Smith et al. 2008

scientific article | Mar Pollut Bull

Assessing coral reef health across onshore to offshore stress gradients in the US Virgin Islands

Smith TB, Nemeth RS, Blondeau J, Calnan JM, Kadison E, Herzlieb S


Managing the effects of anthropogenic disturbance on coral reefs is highly dependant on effective strategies to assess degradation and recovery. We used five years of field data in the US Virgin Islands to investigate coral reef response to a potential gradient of stress. We found that the prevalence of old partial mortality, bleaching, and all forms of coral health impairment (a novel category) increased with nearshore anthropogenic processes, such as a five-fold higher rate of clay and silt sedimentation. Other patterns of coral health, such as recent partial mortality, other diseases, and benthic cover, did not respond to this potential gradient of stress or their response could not be resolved at the frequency or scale of monitoring. We suggest that persistent signs of disturbance are more useful to short-term, non-intensive (annual) coral reef assessments, but more intensive (semi-annual) assessments are necessary to resolve patterns of transient signs of coral health impairment.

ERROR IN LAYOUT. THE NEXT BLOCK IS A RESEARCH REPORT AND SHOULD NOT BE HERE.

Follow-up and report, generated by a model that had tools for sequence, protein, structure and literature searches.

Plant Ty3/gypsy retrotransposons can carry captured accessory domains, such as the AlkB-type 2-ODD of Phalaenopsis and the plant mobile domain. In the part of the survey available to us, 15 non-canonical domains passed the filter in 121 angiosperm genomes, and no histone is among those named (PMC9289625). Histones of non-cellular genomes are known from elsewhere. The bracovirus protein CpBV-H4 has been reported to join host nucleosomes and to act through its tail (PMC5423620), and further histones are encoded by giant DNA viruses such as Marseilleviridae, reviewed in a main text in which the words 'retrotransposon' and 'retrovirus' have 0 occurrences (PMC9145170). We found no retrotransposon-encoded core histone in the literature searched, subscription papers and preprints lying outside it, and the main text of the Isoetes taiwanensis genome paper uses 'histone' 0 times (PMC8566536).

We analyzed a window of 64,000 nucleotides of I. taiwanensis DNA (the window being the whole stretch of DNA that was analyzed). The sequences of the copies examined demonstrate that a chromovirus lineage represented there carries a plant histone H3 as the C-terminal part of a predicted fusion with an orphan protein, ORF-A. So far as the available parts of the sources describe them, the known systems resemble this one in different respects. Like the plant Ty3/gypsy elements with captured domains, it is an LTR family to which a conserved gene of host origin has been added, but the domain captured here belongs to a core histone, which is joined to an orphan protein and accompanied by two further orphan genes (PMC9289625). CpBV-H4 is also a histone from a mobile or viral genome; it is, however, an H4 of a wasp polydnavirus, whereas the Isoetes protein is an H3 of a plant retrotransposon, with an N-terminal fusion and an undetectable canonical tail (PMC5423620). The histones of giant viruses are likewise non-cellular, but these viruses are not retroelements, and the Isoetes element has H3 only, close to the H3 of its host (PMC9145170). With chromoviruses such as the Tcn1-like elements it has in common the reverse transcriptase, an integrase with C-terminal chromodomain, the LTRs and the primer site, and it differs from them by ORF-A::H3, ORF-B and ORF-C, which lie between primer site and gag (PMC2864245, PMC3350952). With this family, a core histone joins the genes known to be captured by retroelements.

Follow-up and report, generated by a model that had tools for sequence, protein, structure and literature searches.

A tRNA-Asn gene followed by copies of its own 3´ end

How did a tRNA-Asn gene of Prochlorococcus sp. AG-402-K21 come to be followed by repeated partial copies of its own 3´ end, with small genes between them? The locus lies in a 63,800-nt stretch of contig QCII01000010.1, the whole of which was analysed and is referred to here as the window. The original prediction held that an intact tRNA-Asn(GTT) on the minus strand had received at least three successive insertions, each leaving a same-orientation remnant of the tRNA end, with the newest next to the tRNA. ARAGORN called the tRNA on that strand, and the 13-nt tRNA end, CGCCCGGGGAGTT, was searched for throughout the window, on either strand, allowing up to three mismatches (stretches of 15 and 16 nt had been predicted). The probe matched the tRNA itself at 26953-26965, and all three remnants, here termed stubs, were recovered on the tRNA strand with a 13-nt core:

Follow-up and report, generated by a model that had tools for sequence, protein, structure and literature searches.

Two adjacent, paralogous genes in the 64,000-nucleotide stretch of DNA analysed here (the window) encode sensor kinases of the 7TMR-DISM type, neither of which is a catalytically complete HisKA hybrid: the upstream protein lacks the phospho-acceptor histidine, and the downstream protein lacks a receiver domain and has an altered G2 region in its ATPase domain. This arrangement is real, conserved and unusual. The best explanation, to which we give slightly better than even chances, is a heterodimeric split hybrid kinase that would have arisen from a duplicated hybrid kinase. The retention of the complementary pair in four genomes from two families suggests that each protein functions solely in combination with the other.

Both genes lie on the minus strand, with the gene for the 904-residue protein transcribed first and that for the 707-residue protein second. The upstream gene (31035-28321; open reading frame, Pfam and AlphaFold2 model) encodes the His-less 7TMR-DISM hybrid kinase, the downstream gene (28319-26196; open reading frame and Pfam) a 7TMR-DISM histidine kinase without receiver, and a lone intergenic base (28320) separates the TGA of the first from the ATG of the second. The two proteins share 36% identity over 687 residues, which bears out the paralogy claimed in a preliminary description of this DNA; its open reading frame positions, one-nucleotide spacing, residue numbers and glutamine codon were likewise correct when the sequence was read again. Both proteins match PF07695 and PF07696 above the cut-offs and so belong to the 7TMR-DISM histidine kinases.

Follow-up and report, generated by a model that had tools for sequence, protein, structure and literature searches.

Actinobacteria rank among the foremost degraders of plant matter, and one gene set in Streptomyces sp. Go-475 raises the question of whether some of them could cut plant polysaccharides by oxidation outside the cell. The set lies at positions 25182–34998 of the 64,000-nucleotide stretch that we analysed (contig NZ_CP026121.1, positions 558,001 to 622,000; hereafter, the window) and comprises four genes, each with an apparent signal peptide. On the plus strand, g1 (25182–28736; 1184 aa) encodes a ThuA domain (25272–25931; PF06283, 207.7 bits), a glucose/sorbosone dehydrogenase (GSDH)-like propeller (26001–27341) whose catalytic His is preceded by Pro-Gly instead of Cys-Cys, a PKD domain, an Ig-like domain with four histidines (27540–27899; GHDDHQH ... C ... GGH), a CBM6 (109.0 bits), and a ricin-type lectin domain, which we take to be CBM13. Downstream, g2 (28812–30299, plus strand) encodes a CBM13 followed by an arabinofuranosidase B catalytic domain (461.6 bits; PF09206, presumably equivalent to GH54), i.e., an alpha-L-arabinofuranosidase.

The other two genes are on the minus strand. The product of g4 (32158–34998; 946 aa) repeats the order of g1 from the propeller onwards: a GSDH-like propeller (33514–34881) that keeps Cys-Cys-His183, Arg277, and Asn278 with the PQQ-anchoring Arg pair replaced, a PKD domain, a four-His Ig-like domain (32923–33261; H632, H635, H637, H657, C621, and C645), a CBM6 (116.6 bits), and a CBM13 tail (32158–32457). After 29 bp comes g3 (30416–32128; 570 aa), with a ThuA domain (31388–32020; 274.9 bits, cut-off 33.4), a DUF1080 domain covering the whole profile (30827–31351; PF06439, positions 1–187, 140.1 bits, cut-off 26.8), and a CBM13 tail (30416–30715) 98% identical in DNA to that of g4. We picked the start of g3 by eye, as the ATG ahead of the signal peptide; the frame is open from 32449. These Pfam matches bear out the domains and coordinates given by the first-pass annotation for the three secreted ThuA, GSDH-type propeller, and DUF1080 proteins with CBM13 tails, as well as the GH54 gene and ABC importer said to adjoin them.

Depth range
5- 42 m

Mesophotic “mentions”
0 x (total of 5655 words)

* Presents original data
* Focused on 'mesophotic' depth range
* Focused on 'mesophotic coral ecosystem'

Management and Conservation
Long-term monitoring

Overall benthic (groups)
Scleractinia (Hard Corals)

US Virgin Islands

SCUBA (open-circuit or unspecified)

Author profiles